The disciples, and especially Thomas, were urged to look at his wounds to make sure that they were in the presence of Christ--not some ghost or imposter, but their friend and teacher. Were the disciples brought up like most of us? Were they taught that it's not polite to stare, particularly not at the hurts, wounds and distortions that afflict others? Were they, like us, schooled to be cautious about touch? Jesus urges them to probe his wounds. This is not a tentative little poke, but the kind of rough, exploratory touching that we experience from babies and small children.

Good mothers tend to be a little bit messy, don't they? At least, their grooming isn't perfect. The touch of a small child, seeking assurance of safety and love, should not be hampered by warnings not to spoil makeup or displace carefully arranged hair. Jesus, our good Lord and our good friend, would pass this test for a loving, embracing presence. He wanted the disciples to go beyond appearances and know him as he was. He was not a “look but don’t touch” kind of Savior.

Most of us present carefully prepared façades. The self that we offer to others is not the product of conscious deception, yet we want no one to disturb the meticulously maintained surface. The message is implicit: Don't look too closely at my wounds, please. By all means feel free to touch me, but don't do the spiritual equivalent of spoling my makeup or mussing my hair--of cracking my surface. You see, my fear is that if you knew what I was really like, you would not love me.

But Jesus is saying, "Be at home with me, and don't be afraid to touch me. You will neither hurt nor offend me." He is setting us an example, but at the same time inviting us into ever greater intimacy with him. He greets our fear and disbelief with loving acceptance, assuring us that he doesn't mind our questions and our probing. This gospel is no ghost story, no holy twilight zone divorced from physical reality or from everydayness. It is an invitation to come close, close enough to see the wounds and feel his risen presence.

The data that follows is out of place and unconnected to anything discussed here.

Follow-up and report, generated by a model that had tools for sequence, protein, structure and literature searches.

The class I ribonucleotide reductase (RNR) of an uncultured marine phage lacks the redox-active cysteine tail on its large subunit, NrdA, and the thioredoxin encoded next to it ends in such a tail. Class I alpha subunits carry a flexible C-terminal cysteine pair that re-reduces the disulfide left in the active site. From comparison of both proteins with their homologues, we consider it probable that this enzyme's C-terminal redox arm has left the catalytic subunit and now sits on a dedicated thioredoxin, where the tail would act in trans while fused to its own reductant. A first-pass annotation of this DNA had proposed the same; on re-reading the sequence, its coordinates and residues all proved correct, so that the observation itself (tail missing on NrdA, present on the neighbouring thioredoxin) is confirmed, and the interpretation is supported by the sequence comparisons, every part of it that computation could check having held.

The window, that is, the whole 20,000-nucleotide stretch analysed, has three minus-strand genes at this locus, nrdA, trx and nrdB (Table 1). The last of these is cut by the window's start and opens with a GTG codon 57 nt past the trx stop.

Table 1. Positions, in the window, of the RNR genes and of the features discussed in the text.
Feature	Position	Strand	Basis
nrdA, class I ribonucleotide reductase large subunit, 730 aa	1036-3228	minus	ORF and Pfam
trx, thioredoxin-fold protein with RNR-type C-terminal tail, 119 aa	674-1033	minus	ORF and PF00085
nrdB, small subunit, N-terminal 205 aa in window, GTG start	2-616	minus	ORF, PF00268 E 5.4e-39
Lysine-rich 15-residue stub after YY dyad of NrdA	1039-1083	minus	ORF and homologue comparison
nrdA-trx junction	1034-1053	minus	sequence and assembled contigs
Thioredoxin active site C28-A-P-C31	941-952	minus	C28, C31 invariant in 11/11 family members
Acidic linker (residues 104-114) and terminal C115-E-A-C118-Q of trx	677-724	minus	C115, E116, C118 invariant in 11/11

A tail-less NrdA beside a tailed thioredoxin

Jesus' appearance in the midst of his frightened friends is a story of incarnation, and reminds us that God became one of us and he still comes among us, experiencing and loving our humanity. We are aware of this at Christmas, when we hear that "the Word became flesh and dwelt among us, full of grace and truth." Then the churches fill, and even nonbelievers are drawn instinctively by the powerful image of God coming among us in the perfection, loveliness and vulnerability of a little baby boy.

Yet Good Friday is about the incarnation too. Jesus crucified on the cross is a symbol of suffering. It is a powerful statement about human flesh and about its terrible vulnerability. And His Passion reminds us of mankind's almost infinite capacity to both inflict and suffer hurt. Easter comes as a real relief from the uncomfortable physicality of Good Friday.

The resurrection can be a pleasant abstraction: we can ring bells and surround ourselves with lilies and joyous music as we distance ourselves from his broken body. But the risen Christ did not appear to his followers in dreams or visions: he came among them in the homeliness and everydayness of shared walks and meals.

He still comes in everydayness. He still says: see my hands and my feet. Don't avert your eyes from my wounds out of politeness or disgust. Look at them. Put your finger here. Don't be afraid. Remember the incarnation. I came among you first in human flesh--flesh that can be hungry and fed, flesh that can be hurt, even killed. Flesh that can embody God's love.

He comes among us still, mediated through human flesh. See his hands, his side. Touch him, and see.